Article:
Studies by Nela Richardson
Three days after a Bloomberg Government study, “Unraveling Dodd-Frank’s Push-Out Rule,” produced data that undermined assumptions underlying the swap push-out rule, the House Financial Services Committee discussed a proposed bill that would repeal the rule. The committee approved amended legislation limiting the push-out rule’s reach. Commodity and equity derivatives, targeted by the rule, are no more risky than any other kind of derivative, according to a database of derivatives trading from 2006 through 2011 that Bloomberg Government compiled from bank call reports. The amended House bill removes commodity and equity derivatives from the rule.
“U.S. Banks Face Increased Swap Costs, Foreign Competition,” the second part of the study, examines the push-out rule’s impact on U.S. commercial banks. It finds that regional banks with assets between $10 billion and $50 billion will be significantly affected because they provide customer-driven risk management products to mid-market companies.
Part 3, published today, shows that the rule will also change the way U.S. bank holding companies deal with derivatives, even though lawmakers wrote the provision to target insured commercial banks. Ten of the 25 largest bank holding companies have at least 90 percent of their push-out derivatives in their commercial banking arms, as of the third quarter of 2011. JPMorgan Chase & Co., Bank of America Corp., Citigroup Inc., Wells Fargo & Co and HSBC North America Holdings Inc. are among the bank holding companies that may bear the brunt of extra costs.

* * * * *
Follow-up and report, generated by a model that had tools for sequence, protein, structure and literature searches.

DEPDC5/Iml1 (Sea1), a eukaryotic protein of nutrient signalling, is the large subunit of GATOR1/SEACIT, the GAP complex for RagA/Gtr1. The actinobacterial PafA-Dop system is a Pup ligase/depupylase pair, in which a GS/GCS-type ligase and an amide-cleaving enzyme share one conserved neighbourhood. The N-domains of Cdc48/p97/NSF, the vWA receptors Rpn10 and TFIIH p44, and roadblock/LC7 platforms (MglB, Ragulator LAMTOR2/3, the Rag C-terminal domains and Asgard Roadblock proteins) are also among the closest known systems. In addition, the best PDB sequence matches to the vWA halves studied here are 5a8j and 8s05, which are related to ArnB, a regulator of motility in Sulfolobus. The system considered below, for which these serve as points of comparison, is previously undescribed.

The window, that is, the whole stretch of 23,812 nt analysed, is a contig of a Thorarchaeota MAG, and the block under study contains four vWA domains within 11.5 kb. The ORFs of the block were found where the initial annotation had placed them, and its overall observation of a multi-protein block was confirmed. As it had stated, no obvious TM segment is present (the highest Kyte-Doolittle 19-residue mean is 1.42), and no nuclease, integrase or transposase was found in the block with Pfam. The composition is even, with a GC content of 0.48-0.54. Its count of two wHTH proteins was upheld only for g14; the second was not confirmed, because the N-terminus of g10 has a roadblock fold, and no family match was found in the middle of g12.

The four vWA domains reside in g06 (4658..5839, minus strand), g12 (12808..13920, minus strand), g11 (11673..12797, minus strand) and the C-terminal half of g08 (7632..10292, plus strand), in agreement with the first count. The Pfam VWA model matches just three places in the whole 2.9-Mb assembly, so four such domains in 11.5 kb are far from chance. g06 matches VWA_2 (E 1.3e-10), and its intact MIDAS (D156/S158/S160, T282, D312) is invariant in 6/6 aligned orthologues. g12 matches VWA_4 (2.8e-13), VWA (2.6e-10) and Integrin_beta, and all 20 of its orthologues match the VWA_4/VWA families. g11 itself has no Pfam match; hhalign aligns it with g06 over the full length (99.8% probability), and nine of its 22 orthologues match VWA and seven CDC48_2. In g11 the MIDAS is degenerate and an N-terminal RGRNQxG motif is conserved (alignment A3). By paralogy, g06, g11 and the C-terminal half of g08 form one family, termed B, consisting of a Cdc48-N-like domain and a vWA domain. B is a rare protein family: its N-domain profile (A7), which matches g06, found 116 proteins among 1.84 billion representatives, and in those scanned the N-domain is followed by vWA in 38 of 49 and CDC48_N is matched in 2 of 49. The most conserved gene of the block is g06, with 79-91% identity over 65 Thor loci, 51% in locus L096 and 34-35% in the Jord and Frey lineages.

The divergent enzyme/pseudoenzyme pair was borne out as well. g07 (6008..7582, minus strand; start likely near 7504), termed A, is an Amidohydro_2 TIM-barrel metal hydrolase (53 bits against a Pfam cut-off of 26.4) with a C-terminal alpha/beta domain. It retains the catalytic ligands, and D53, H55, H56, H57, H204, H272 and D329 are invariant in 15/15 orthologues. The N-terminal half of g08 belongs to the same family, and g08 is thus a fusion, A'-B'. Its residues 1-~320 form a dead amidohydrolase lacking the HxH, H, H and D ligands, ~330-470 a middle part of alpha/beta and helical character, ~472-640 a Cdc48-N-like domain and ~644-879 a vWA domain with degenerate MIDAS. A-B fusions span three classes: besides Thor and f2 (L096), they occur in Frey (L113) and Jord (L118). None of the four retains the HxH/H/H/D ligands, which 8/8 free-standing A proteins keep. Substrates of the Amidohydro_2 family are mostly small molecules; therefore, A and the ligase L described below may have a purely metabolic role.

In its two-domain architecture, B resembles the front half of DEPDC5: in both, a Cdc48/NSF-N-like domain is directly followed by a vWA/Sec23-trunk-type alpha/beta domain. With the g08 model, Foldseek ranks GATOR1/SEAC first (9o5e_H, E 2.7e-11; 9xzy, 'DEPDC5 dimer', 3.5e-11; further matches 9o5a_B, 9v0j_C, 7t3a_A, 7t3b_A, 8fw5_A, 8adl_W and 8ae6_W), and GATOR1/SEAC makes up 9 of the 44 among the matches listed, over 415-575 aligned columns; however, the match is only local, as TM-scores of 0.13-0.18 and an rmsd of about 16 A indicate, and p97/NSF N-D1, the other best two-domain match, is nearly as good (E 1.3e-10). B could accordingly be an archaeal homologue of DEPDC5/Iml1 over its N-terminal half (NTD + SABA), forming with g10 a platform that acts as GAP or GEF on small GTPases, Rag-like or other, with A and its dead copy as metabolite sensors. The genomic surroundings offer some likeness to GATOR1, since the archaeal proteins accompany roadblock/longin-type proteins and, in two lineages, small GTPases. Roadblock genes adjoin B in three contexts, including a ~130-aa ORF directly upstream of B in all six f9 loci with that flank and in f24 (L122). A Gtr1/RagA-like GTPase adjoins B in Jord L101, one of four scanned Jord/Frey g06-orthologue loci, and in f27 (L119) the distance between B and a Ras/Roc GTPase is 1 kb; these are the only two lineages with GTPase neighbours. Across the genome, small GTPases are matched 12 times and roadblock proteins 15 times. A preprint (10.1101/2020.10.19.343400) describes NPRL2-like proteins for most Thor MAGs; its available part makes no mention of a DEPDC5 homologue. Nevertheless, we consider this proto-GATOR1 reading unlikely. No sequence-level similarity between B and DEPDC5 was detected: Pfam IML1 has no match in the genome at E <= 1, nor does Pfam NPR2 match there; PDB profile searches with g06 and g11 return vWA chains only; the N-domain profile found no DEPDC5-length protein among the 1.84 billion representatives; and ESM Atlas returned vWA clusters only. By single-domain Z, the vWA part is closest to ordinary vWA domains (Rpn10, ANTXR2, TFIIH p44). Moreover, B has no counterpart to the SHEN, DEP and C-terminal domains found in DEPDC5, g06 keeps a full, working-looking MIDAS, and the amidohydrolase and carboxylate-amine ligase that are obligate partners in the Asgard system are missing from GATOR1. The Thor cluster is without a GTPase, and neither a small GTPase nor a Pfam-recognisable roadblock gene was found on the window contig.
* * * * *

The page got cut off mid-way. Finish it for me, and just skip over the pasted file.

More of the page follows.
The swap push-out rule may tilt market share in the already concentrated derivatives market toward Goldman Sachs Group Inc. and Morgan Stanley, which became bank holding companies during the financial crisis. Such an outcome may increase the systemic risk associated with the largest banks, which runs counter to the intention of Dodd-Frank to decrease systemic risk.
Nela Richardson is an economic analyst with Bloomberg Government. Nela was a research economist at the Commodity Futures Trading Commission before joining Bloomberg. She was also a senior economist at Freddie Mac, a researcher at Harvard’s Joint Center for Housing Studies, and an adjunct professor of finance at John Hopkins. Richardson has a Ph.D. in economics from the University of Maryland, a M.A. from the University of Pennsylvania, and a B.A. from Indiana University.
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